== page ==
Three main themes emerged in the data: 1) affordability and availability were the most pronounced barriers shaping access to care; 2) a continuous relationship with a health care provider or clinic site was the most important facilitator in overcoming access barriers, including challenges associated with affordability and availability; 3) parents wanted access to optimal care, which they described as including affordability, availability, and acceptability. However, many parents were faced with making difficult decisions between these ideals. In most cases, parents tried to maintain a relationship with a provider, and preserving this relationship helped them overcome other barriers they faced accessing health care. However, many described a time when they could no longer maintain a continuous relationship with a provider due to affordability. Each theme is described below in greater detail with illustrative quotations, and a conceptual model of theme 3 (the Optimal Care Model) is presented.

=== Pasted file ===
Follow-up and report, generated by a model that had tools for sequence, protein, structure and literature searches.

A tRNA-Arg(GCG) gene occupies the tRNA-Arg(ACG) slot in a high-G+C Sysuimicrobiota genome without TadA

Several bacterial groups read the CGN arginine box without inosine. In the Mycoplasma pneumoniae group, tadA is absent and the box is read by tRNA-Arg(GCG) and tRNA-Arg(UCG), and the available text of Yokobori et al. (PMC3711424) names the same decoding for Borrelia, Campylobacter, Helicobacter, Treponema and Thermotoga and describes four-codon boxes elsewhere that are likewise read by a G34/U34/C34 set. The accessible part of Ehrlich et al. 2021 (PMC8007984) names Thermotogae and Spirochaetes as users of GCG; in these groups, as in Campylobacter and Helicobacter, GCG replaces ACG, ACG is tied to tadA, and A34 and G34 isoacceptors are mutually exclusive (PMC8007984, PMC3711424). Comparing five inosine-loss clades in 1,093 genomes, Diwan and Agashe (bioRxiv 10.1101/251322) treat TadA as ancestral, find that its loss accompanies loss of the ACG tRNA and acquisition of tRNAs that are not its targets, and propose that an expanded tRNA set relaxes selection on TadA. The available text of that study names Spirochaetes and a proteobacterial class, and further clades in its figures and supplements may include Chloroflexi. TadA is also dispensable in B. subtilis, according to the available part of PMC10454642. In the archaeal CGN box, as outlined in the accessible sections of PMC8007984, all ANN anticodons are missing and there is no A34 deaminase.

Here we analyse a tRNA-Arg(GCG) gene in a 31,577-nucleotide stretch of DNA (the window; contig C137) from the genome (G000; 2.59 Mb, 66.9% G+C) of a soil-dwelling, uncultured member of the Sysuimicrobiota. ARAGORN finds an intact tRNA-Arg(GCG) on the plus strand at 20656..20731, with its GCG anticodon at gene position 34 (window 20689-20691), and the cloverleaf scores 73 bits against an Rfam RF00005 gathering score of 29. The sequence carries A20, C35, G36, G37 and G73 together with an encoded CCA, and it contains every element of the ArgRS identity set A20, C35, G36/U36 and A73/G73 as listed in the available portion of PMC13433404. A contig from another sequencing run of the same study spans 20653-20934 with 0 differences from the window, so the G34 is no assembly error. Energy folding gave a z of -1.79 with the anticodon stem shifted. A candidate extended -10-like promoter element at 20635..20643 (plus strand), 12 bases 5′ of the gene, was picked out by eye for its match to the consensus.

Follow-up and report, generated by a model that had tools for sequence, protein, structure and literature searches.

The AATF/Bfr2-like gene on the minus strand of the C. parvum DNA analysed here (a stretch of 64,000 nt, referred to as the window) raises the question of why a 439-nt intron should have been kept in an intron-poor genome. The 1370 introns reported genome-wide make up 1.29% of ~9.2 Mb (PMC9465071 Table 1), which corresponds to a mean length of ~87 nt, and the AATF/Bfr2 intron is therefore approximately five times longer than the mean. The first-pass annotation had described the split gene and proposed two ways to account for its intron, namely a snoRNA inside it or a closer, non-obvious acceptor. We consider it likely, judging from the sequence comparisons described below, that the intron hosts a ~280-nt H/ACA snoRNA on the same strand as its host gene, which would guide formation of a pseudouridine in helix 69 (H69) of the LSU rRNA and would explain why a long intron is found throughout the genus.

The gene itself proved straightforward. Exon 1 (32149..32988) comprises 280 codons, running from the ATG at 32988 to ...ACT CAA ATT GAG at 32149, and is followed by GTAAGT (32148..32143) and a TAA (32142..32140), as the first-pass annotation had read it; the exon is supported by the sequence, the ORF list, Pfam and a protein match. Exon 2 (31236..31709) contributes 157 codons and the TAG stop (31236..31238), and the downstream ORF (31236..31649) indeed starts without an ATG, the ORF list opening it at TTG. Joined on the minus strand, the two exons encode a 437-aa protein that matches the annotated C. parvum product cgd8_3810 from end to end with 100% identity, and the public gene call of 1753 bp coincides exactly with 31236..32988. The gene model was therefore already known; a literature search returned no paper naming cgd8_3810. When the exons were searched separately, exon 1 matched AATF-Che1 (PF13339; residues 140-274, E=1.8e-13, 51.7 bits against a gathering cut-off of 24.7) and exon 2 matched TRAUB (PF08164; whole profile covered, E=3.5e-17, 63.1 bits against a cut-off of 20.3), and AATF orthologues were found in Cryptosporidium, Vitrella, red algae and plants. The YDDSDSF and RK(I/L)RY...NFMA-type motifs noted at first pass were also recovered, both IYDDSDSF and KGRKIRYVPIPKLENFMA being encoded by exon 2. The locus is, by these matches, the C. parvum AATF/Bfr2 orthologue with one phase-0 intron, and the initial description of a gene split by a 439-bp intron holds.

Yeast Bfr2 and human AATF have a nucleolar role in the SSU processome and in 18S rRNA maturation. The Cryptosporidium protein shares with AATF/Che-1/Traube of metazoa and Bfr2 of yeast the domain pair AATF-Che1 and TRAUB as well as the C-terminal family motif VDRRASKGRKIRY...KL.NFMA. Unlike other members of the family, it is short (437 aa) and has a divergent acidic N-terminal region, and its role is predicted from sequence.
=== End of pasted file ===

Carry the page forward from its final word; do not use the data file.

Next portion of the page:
Theme 1: Barriers in access to care: affordability and availability
Even with health insurance coverage, low-income parents identified difficulties affording care for their children due to the high cost of deductibles, co-payments, and/or medications.
You don’t realize how expensive it is until you’re paying at every doctor visit. We were thankful we did have some kind of government health plan to help.
I don’t always have the money to pay the deductible. [My kids] have great insurance, but [the deductible] makes me think twice about taking them to the doctor...
Besides that [health insurance premium] I have...a $25 co-pay. So, there are some times when I have to wait until I get paid to make an appointment [for my children]. So, if... we need to see the doctor, I schedule the appointment around the time when I get paid so we can pay the co-pay and it is kind of frustrating sometimes....
“Medicine is very expensive. I have to go to the doctor and pay my co-pay but don’t have money to pay for the medications [my children need].
In addition to cost, public coverage was also identified as a potential barrier to attaining care,
[When obtaining care] the only time I felt [treated differently] is when I have tried to find [my children] a clinic or doctor to go to. Then I hear, `we don’t take OHP’ or `we’re no longer taking OHP patients.’